Dam the Beavers! They Have Messed up Tierra del Fuego

Day 5: Our Morning Stop – Ainsworth Bay

As dawn breaks we consult our Garmin Montana on board Via Australis and find ourselves navigating through Almirantazgo (Admiralty) Sound, at around 9 knots.

We dropped anchor inside Ainsworth Bay, an anchorage within the Alberto De Agostini National Park. Our zodiac tenders are quickly deployed and we are efficiently whisked ashore.

Walking ashore in the marvellous sub polar Magellanic forest, we discover a beaver dam. Its existence is evidence of mans menacing intervention with nature.

In the 1940’s a local farmer had the idea of breeding the creatures in a terrain that, in theory at least, mimicked their natural habitat in Canada.  

They imported just 25 pairs in the hope of breeding them and harvesting pelts to create a profitable fur trade.  The quality of fur however never matched the high standards seen elsewhere in the world and the business failed to flourish.  

Convinced that the animals would die if allowed to fend for themselves in the wild they were set free.  Instead the animal quickly adapted to its new farm free environment and began to conquer the environment.

Today without predators the beaver population, said by some to number 100,000 and more, are dramatically altering the terrain by diverting rivers and little is being done to stop it.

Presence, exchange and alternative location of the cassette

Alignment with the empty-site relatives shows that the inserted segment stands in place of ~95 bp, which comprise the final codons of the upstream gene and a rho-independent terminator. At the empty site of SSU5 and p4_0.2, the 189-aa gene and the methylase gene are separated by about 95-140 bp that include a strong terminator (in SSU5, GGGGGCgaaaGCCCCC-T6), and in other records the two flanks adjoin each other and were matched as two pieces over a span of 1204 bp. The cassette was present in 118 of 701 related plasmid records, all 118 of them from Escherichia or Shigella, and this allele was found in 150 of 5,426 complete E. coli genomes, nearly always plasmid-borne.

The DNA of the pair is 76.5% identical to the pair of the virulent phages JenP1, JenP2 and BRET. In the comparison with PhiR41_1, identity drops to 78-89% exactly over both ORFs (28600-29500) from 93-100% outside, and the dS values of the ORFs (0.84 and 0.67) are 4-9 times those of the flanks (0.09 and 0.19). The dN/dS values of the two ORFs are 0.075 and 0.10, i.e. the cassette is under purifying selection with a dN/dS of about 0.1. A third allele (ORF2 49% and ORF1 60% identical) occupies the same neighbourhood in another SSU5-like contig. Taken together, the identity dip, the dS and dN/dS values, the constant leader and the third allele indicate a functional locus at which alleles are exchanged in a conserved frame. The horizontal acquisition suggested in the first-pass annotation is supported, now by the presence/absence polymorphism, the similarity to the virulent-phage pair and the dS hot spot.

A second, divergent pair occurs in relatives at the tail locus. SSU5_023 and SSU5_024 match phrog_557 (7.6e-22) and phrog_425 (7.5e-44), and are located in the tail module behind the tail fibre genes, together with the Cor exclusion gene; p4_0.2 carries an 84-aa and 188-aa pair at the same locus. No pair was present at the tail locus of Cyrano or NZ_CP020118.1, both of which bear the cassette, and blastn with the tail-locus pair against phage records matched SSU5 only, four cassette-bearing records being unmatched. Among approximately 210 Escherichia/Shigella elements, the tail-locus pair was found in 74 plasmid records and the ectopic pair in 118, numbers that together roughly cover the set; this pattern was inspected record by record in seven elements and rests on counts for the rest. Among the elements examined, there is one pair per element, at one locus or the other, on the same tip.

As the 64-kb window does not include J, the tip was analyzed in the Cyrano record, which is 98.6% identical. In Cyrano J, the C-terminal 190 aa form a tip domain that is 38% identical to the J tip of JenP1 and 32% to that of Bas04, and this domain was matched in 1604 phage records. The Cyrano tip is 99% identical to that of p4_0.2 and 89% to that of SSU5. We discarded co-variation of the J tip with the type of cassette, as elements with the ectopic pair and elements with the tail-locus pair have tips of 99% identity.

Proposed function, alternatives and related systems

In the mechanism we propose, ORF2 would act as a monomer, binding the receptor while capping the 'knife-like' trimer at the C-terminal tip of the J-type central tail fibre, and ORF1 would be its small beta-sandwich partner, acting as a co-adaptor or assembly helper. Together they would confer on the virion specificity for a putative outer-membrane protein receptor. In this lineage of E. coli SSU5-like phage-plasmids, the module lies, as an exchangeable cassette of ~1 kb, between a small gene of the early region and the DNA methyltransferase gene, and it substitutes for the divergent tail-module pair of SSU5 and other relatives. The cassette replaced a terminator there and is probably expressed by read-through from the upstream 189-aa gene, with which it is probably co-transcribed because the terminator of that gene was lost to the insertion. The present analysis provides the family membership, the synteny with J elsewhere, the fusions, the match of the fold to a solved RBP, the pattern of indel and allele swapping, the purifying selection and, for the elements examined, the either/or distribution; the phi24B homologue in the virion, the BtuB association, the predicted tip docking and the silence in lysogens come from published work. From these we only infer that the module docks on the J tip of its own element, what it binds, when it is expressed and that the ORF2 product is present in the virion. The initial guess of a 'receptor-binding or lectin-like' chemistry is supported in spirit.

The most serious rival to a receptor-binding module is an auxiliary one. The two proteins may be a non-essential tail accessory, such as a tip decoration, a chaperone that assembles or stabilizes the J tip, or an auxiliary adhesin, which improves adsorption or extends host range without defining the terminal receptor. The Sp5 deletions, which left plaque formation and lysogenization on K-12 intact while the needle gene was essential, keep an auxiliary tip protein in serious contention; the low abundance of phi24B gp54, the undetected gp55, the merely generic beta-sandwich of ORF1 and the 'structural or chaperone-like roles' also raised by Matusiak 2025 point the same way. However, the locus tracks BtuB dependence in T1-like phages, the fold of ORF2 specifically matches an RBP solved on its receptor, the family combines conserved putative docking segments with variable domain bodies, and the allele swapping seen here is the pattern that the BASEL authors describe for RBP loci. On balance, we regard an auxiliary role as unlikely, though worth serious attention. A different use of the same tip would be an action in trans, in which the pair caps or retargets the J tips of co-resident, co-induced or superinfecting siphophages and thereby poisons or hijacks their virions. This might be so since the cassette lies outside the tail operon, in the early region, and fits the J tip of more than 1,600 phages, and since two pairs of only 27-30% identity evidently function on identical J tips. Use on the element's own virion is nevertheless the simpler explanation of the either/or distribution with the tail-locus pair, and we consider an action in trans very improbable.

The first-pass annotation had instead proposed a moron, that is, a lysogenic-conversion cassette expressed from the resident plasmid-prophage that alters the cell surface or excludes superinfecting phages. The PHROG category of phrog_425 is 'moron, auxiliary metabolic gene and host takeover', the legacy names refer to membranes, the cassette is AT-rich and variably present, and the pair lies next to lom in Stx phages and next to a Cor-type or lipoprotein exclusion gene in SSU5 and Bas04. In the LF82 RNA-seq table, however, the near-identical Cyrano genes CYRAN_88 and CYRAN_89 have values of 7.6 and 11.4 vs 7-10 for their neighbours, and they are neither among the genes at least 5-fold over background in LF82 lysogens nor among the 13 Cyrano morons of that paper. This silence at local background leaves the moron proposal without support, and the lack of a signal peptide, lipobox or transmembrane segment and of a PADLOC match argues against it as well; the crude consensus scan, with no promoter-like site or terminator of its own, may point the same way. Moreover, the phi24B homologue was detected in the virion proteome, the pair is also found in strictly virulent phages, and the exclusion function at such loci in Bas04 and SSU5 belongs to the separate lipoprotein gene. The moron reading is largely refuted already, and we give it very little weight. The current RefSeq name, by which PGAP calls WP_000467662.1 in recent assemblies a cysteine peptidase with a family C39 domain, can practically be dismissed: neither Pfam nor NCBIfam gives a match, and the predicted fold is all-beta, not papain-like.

We walked back to the beach enjoying a view of the Marinelli Glacier, as it descends from the Darwin Mountain Range.  Like almost all glaciers in theses parts it is in a period of retreat.

We are quite hoping to see elephant seals that come to breed at this time of year.

It is impossible to guarantee the precise location of the colony because they are somewhat nomadic and therefore their movements are unpredictable.  It is sad to report that we did not see any during our stay.

But we did find the crew had set up a hot chocolate stand and a slug of whiskey made a fine pre lunch aperitif! 

On board lecturers explain how it is the ice that has been the dominant factor in the sculpting of the Patagonian landscape.  From those we discover Chile is the number 3 in a list of countries listing the largest covering by ice fields and the southern most Darwin Range in which we are cruising covers 24,000 km2
Glaciers can best be described as massive masses of ice in motion.  They are the most erosive force yet discovered on earth and it is they alone that are responsible for the creation of the myriad of fjords and channels that have created this most wonderful and isolated cruising ground.